But what form will that take and how far are Democrats willing to go on climate? Don’t look for sweeping policy like putting a price on carbon, analysts and activists say.

Even if a measure like a carbon tax did pass the House, it would sink in the Republican-held Senate and be denounced by President Trump. Aggressive oversight of the administration’s science and environment policies and its regulatory rollback efforts are more likely.

After Mr. Trump’s disavowal of the Paris climate agreement, 16 states and Puerto Rico pledged to uphold the accord anyway and keep fighting climate change on their own. They may find new allies now.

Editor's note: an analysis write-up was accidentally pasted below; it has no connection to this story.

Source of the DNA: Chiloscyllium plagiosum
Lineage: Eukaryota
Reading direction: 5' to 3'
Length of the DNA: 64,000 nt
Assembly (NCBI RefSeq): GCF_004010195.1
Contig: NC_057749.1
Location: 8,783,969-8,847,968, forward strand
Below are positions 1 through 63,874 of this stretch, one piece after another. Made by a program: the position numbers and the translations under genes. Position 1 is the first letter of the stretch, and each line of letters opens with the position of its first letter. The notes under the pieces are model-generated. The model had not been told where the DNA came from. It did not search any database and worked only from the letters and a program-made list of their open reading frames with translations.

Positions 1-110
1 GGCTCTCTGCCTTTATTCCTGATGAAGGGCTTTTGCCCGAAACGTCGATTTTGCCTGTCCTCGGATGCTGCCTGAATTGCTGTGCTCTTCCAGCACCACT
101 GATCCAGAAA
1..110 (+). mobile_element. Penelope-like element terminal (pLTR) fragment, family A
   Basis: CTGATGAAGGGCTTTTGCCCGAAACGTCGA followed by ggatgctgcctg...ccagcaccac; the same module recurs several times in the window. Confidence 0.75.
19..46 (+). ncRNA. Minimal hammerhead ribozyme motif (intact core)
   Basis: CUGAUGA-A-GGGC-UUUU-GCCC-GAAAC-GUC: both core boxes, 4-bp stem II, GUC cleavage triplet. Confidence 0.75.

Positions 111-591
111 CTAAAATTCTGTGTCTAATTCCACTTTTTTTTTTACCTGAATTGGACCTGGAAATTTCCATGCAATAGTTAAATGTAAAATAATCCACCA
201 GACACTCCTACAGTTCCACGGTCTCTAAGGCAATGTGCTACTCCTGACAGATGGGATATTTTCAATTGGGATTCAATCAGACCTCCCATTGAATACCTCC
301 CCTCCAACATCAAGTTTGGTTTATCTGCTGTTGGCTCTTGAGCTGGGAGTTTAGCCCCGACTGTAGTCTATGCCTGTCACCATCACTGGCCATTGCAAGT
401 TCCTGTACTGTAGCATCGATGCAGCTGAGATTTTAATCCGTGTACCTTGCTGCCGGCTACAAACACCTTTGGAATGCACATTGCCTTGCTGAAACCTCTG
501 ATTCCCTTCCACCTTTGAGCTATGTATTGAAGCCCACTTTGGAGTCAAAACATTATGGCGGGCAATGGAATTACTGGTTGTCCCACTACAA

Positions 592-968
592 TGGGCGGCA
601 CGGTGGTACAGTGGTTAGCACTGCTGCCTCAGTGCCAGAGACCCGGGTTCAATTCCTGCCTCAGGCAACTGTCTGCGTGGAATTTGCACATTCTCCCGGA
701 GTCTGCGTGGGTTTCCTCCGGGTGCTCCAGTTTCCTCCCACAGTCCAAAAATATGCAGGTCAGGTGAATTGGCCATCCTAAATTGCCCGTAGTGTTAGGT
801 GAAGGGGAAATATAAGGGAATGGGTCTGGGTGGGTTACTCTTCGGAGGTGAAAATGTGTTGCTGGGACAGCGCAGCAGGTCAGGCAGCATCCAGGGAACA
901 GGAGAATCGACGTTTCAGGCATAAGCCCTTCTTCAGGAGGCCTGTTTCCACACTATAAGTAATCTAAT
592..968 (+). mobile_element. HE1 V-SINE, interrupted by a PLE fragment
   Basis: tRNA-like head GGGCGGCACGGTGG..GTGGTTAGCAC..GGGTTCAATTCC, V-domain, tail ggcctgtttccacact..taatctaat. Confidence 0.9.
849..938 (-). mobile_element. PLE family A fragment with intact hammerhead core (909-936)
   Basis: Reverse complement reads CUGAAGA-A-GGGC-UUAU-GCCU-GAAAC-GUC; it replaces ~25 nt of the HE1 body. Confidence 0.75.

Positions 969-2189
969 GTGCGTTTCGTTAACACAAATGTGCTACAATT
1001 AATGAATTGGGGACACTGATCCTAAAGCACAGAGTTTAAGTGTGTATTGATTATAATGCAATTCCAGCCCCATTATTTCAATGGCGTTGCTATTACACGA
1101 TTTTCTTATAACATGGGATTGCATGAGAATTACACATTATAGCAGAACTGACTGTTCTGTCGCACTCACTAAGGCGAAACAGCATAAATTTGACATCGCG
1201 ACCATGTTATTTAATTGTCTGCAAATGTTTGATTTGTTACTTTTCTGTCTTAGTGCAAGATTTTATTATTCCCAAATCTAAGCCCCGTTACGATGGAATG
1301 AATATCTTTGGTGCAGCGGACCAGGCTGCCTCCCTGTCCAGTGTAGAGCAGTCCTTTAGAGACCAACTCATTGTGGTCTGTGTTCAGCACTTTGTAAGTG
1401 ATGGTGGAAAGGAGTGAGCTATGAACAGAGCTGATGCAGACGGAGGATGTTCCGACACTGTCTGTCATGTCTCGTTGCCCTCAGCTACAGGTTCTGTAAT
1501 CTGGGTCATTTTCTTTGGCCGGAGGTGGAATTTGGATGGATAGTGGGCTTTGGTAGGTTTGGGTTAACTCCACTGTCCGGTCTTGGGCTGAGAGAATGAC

Democrats won governorships in seven states that were not already part of this climate alliance: Illinois, Kansas, Maine, Michigan, Nevada, New Mexico and Wisconsin. All of the incoming governors in those states have called climate change a major problem. Two of them, Tony Evers of Wisconsin and Gretchen Whitmer of Michigan, have also pledged to move their states to 100 percent carbon-free electricity in the years ahead.

It remains to be seen what sorts of climate or clean-energy policies these new governors may try to enact, and some of them face divided legislatures. But there are already a few hints: In Maine, for instance, the governor-elect, Janet Mills, has vowed to overturn her predecessor’s moratorium on new wind turbines in the state.

Carlos Curbelo, the most vocal Republican in Congress calling for action to address climate change, lost his South Florida seat on Tuesday to a Democrat who accused him of not going far enough on the environment.